By Lethbridge Herald Opinon on January 13, 2018.
There must be a better way to help low-income earners than
by putting squeeze on small-business owners
PUBLISHER, LETHBRIDGE HERALD
Before I even get started I want to make something clear: I understand that living off minimum wage is tough, maybe even impossible. $12.20 an hour (before tax) didn’t get you ahead in life; it barely keeps you alive and is not what any of us want to go through.
My concern lies in the issues raising minimum wage has caused and who is really benefiting from the increases. I’ve talked to many business owners who launched and live their entrepreneurial dream and almost every one of them is very concerned that their dream may be coming to an end. There has to be a better option.
There are many industries that have traditionally paid minimum wage; the food and beverage industry and grocery stores are a couple that come to mind right away. They are also prime examples of business being affected greatly.
Grocery stores have few choices: raise prices to offset increased costs or decrease costs to offset lower margins. Raising prices? May as well say goodbye to your business overnight. Price is the single biggest key to grocery sales; stretching the income is everyone’s priority. Think about it … if you made $12.20 per hour and it bought you one bag of groceries before, and now you make $13.60 an hour but the price of groceries had to go up, you still buy the same bag of groceries but you pay more. You are no further ahead. Sadly, the only option left is decreasing costs. Some will cut staff completely, others will reduce full-time staff to part-time. I know of one local grocery store that will be shortening their hours of operation to reduce staff costs. The end result? Less paid hours to staff in the hopes of keeping their razor-thin margins.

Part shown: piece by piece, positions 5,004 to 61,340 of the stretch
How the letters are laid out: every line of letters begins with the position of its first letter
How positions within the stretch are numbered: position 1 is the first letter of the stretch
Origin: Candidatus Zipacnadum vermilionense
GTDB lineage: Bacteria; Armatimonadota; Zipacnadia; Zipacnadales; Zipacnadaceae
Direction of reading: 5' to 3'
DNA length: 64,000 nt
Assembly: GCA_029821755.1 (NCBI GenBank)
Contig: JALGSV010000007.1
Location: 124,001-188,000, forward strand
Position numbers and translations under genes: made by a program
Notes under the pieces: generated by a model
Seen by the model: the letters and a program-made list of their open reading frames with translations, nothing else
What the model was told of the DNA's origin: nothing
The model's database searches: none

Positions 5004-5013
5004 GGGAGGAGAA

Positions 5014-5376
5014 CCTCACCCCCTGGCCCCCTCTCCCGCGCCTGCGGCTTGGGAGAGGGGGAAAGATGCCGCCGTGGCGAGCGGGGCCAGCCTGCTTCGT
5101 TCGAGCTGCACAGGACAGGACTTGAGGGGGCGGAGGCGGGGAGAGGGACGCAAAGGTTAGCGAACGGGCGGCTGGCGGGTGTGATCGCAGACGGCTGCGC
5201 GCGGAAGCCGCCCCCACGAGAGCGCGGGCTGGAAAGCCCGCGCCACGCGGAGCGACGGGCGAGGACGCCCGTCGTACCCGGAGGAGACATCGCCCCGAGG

The fast-food industry saw the increased costs coming – you’ve seen the automated machines to order your burger from. If you think this is the end of it, you’re wrong. That machine doesn’t want a raise, take holidays, get sick or need time off to study. It will not support a local business with its paycheque or greet you at the door; there are a couple of full-time jobs cut right away. I spoke to a local owner who just said, “Looks to me like a couple of staff will be gone and we will have to work a full shift behind the till as well as our managerial duties.”
Restaurants have long been the home of minimum-wage staff; great servers were happy to take the base pay as they knew their tips would far outweigh their base. This one is a double-edged sword. The staff don’t want the raises as they are smart enough to realize a few things: the owner will be the one facing the increased base cost; he has to increase prices or reduce staff levels. Increased prices on the menu mean customers don’t eat out as often; less traffic means more hours cut as staffing is not needed for empty tables.
Then add in the other factor: customers who do eat out are paying more; they know the staff is getting paid more and do not feel the necessity to tip as much. Serving staff have hidden tips from income tax for years; now their base is higher (more tax) and their tips are lower (reluctant customers and less of them) so their take-home pay drops. Funny how a minimum-wage increase in the restaurant industry is going to hurt everyone involved. Again, a local owner I spoke to is going to close a half hour earlier each day to cut costs; he estimated an increase of $108,000 per year in staff wages if he doesn’t. He hopes sales don’t drop too much or he will have to raise his prices as well.
Put yourself in a business owner’s shoes: a 23 per cent increase in staffing costs over two years that they are supposed to just “absorb.” If you were to have your personal costs like cellphone bill, groceries, car payment, gas for your car, mortgage, post-secondary fees increased by 23 per cent, what would you do? Why can’t you “make do” on the same income? You can’t ask for a raise at work or you’re “greedy.” You can’t cut a bill or you’re selfish; can’t ask for help or you’re “pathetic” – and keep in mind that anyone working for $15 an hour last year is going to ask for a raise because they are not willing to work for minimum wage. Something has to be cut; that’s just the real world.
The minimum-wage increase is based on the premise that business owners are lazy fat cats making too much money at the expense of their staff; why else would the burden be placed on them rather than on the government to accept lower tax revenue and help low-income earners?
Not raising an employer’s costs and increasing employees’ take-home pay seems like a much better way to help minimum-wage earners. Making their income go further was stated as the original goal. Surely we can do this without hurting the entrepreneurial dream.
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